It’s important to keep in mind that any substance with a fragrance, including essential oils, may cause an allergic reaction in individuals with sensitivities. Use caution and test a small amount of the oil when introducing it. You will want to consult with your loved one’s healthcare practitioner and be sure to mention any essential oils and other supplements that you may be using or want to use.
This aromatherapy approach fits nicely with pleasing auditory and visual sounds, like with Memory Lane TV. Based on scientific evidence, Memory Lane TV is another recent, multi-sensory standard used in the industry to manage behavioral symptoms using media stimulation and artificial intelligence.
Building on pre-existing research focused on the impact of sensory stimulation, Memory Lane TV has produced over 500 hours of scientifically designed film montage with elements of music, soundscapes, video sequences and still images to induce a variety of responses in the viewer, such as anxiety stress-reduction, re-grounding to combat sundowning, increased appetite, improved engagement, memory activation and other positive benefits.
Geriatric physicians, occupational therapists, long-term care providers and memory care research centers were involved in the design of the intervention. Media stimulation has wonderful potential as an additional tool for dementia care. At the Benson-Henry Institute for Mind Body Medicine at Massachusetts General Hospital, Herbert Benson, MD, the noted inventor of the relaxation response, described the effect of Memory Lane TV as a way to demonstrate the effectiveness of the relaxation response on a specific pathology that impact the brain, i.e., dementia.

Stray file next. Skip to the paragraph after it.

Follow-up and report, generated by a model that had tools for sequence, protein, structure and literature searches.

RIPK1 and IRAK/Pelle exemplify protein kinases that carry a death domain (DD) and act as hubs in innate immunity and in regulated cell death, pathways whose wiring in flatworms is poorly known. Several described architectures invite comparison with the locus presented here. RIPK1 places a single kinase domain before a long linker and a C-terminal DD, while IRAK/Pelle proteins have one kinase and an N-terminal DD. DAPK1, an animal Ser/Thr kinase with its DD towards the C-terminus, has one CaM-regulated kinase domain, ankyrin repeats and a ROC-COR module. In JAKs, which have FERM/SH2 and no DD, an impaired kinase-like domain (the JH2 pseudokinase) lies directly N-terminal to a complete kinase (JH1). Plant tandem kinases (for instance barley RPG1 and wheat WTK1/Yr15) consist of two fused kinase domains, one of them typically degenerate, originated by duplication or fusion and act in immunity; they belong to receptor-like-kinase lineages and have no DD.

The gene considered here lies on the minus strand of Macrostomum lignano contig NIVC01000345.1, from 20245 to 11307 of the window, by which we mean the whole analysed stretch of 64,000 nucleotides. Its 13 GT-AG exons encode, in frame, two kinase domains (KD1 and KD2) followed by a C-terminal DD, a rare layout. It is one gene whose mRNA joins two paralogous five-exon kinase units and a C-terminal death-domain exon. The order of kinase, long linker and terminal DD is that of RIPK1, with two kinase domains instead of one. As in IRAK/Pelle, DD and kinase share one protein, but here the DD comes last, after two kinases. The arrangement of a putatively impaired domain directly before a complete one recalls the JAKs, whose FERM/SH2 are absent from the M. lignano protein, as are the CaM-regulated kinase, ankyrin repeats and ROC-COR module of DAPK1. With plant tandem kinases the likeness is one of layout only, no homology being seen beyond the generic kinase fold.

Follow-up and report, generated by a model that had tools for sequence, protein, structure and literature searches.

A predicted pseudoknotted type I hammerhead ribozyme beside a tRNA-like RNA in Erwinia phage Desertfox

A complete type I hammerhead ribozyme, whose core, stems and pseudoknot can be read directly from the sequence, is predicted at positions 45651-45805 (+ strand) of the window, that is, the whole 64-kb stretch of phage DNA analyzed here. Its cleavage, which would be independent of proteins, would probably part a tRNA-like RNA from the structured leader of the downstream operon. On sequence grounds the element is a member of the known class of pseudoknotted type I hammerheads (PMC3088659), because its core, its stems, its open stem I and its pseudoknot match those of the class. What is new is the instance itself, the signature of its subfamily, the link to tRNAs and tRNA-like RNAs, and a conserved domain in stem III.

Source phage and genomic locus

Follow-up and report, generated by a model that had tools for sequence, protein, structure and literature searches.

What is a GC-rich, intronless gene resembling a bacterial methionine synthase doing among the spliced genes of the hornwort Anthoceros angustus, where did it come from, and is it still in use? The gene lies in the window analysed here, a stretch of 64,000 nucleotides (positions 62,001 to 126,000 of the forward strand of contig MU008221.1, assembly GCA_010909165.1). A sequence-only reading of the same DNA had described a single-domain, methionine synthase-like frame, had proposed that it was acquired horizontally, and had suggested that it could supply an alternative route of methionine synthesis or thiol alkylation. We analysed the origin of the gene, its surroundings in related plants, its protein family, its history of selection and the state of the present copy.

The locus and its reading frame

After eight years of gathering data about the efficacy of the intervention, we have identified three main benefits of sensory stimulation in long-term care or at home:
- It increases respite opportunity
- It decreases stress and anxiety
- It improves interaction with a person with whom care partners are caring for
Memory Lane TV integrates audio, visual and olfactory stimulation by design. The content is scientifically and therapeutically designed to target specific behavioral and psychological outcomes from inception. It’s not merely plot-free, and is entertaining yet should not be considered as only entertainment — it is a tool to manage effectively behavioral symptoms associated to memory loss and improve the quality of life through guided imagery and reminiscence. The service is designed to be equally effective, accessible, and affordable both in home and professional settings.
And recent research is showing that multi-sensory stimulation can also have an impact on reducing psychotropics and improving engagement. All that increases productivity and staff quality of care, but also offers a hedge to institutions that use that type of evidence-based, non-pharmacological intervention.
All-in-all, olfactory stimulation should be included as part of any holistic plan of care or simply just daily use for those living with dementia.
Jennifer Stelter, Psy.D., CDP, CADDCT, is the co-owner of NeuroEssence, LLC at the Dementia Connection Institute and the author of “The Busy Caregiver’s Guide to Advanced Alzheimer Disease” published by Johns Hopkins Press.
Jennifer Ryan, BS, CDP, is the co-owner of NeuroEssence, LLC and an educator and master trainer for the Dementia Connection Specialist Certified Trainer (DCSCT) Certification Program.
Alban Maino is the CEO of Memory Lane TV.
The opinions expressed in McKnight’s Long-Term Care News guest submissions are the author’s and are not necessarily those of McKnight’s Long-Term Care News or its editors.